Are celebrity wines serious endeavors or merely cynical branding? The answer is both, and there are no shortage of examples to choose from. These days, it’s quicker to say which celebrities aren’t making wine. There are hundreds of celebrity wines on the market, covering all corners of the entertainment world, from cricketers such as Ricky Ponting and Ian Botham to hip-hop royalty including Snoop Dogg and Jay-Z, and many, many others – not forgetting the...
Of course, very few sportsmen, rappers or former presidents actually get their hands – or indeed feet – dirty with the nitty-gritty of actual winemaking. In some cases, that hardly matters anyway, since the enterprise is an entirely commercial one, just like the many other products that can be endorsed with a star’s name and image.
However, in rare instances, the celebrity’s involvement throughout the production process is entirely authentic, resulting in wines that are a genuine reflection of that person’s commitment to the vinous cause.
Perhaps the greatest example of dedicated winemaking from a global megastar is Alecia Moore, better known as pop singer P!nk. After developing an interest in wine during her world tours, she studied WSET courses, attended winemaking classes at UC Davis (one of the world’s foremost wine colleges) and now makes wine from her own vines in the Santa Barbara region of California. Tellingly, her Two Wolves brand is not marketed as a celebrity wine, but as the passion project of a genuine wine lover.
UC Davis - University of California, which is one of the most leading wine colleges in the world. Alecia Moore took winemaking classes and she is now making wine from her own vines in California, with her big passion for wine. (Photo: unsplash.com)
With a similar philosophy – and a coincidentally similar name – Two Paddocks is the estate owned by actor Sam Neill, who has been making wine in New Zealand’s Central Otago since 1993. Neill freely admits that most of the winemaking is delegated to his team, but his own commitment to the project is not in doubt, and he speaks about wine with genuine knowledge and enthusiasm.
The same can be send for Sting and his wife, producer/director Trudie Styler. They have been making wine at the picturesque Tuscan estate of Il Palagio for over 20 years. Without claiming to be experts, they nonetheless champion the traditions of their terroir – albeit with modern, savvy branding that references Sting’s back catalogue with cuvée names including ‘Sister Moon’ and, inevitably, ‘Message In A Bottle’.
The producer/director Trudie Styler and the actor Sam Neill have been making wine for over 20 years and they both speaks about wine with genuine knowledge and enthusiasm.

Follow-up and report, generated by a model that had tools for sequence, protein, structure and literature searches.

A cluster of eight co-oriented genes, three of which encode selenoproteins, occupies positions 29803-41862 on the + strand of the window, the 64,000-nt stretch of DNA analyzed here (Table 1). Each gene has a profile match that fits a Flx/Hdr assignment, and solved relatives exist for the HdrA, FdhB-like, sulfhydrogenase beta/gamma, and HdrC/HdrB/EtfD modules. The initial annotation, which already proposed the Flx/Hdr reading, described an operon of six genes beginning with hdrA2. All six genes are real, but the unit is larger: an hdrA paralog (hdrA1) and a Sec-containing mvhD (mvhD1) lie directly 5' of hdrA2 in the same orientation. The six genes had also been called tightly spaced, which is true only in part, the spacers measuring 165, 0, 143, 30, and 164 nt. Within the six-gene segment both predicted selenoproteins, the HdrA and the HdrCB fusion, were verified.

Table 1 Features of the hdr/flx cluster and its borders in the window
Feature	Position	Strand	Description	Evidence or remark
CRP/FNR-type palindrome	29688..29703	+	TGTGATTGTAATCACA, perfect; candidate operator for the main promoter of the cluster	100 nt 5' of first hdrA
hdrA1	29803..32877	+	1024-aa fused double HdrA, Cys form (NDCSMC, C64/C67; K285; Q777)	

The importance of labeling
For most celebrity wines, this overt branding is paramount. Two recent examples are Kylie Minogue’s new wine range, with bespoke bottle shapes and her name emblazoned across the label. The source of the fruit is very much a secondary consideration, although she is involved in the tasting and blending process with the UK-based company that proposed the partnership.
Snoop Dogg even lends his face to the bottle of 19 Crimes that he collaborates with. The wine itself is an affordable Californian red that is aimed squarely at the casual wine drinker who are most likely more interested in hip-hop culture than grape varieties. At the other end of the scale, Jay-Z is famous for his involvement with a much more premium brand: a champagne nicknamed ‘Ace of Spades’, with its iconic gold metallic bottle.
"19 Crimes Snoop Dogg Cali Red", Red Wine from California. Full and dense, with strong black & blue fruit notes up front from the Petite Sirah. Snoop Dogg has his face on the wine bottle, in collaboration with 19 Crimes.
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The label doesn’t need Jay-Z’s name printed on it to sell, and the same goes for Miraval, the Provence Rosé owned by Brad and Angelina Jolie. In fact, the back label of this successful brand has a small reference to their name, but otherwise the wine sells on the consistent quality of its winemaking, which is handled by the Perrin family of Château de Beaucastel fame.
The beautiful landscape of Provence - Alpes-Cote d'Azur, France. The Miraval Provence Rosé wine by Brad Pitt and Angelina Joile, is produced in Provence. However, the bottles are more "distreet" than the wine by Snoop Dogg.
Drinking to fame
Celebrity wines range from the sublime to the ridiculous – and they are intended to appeal to very different types of consumer. For legions of fans, the taste profile of a particular wine is probably secondary to the endorsement of their favorite celebrity. However, for engaged wine lovers there are plenty of wines worth seeking out – here are three that are worth trying for a taste of the high life.
Armand de Brignac, ‘Ace of Spades’ Gold NV champagne
The original celebrity champagne has more critical credibility than you might expect. A non-vintage blend of 40% Chardonnay and Pinot Noir, plus 20% Pinot Meunier, it has around four years on lees to develop classic toasty complexity. But the real selling point, of course, is that bling-worthy branding.
Two Paddocks, Estate Pinot Noir 2019 Central Otago
This typically ripe Central Otago Pinot Noir has wonderfully distinctive cherry fruit with a lightly spiced oak influence and delicious herbaceousness from whole-bunch fermentation. Attracting widespread acclaim, Sam Neill’s brand is a great example of how celebrity involvement can produce genuinely great wine.
Miraval, Rosé 2020 Côtes de Provence
Riding the wave of Provence popularity, the Brangelina brand Miraval has been creating great rosé every year since they bought the estate in 2008. It continues to do so (despite the divorce of its owners) thanks to the excellent stewardship of the well-regarded Perrin family. With its pale salmon color, medium body, rhubarb fruit and soft acidity, this is the archetype of on-trend rosé.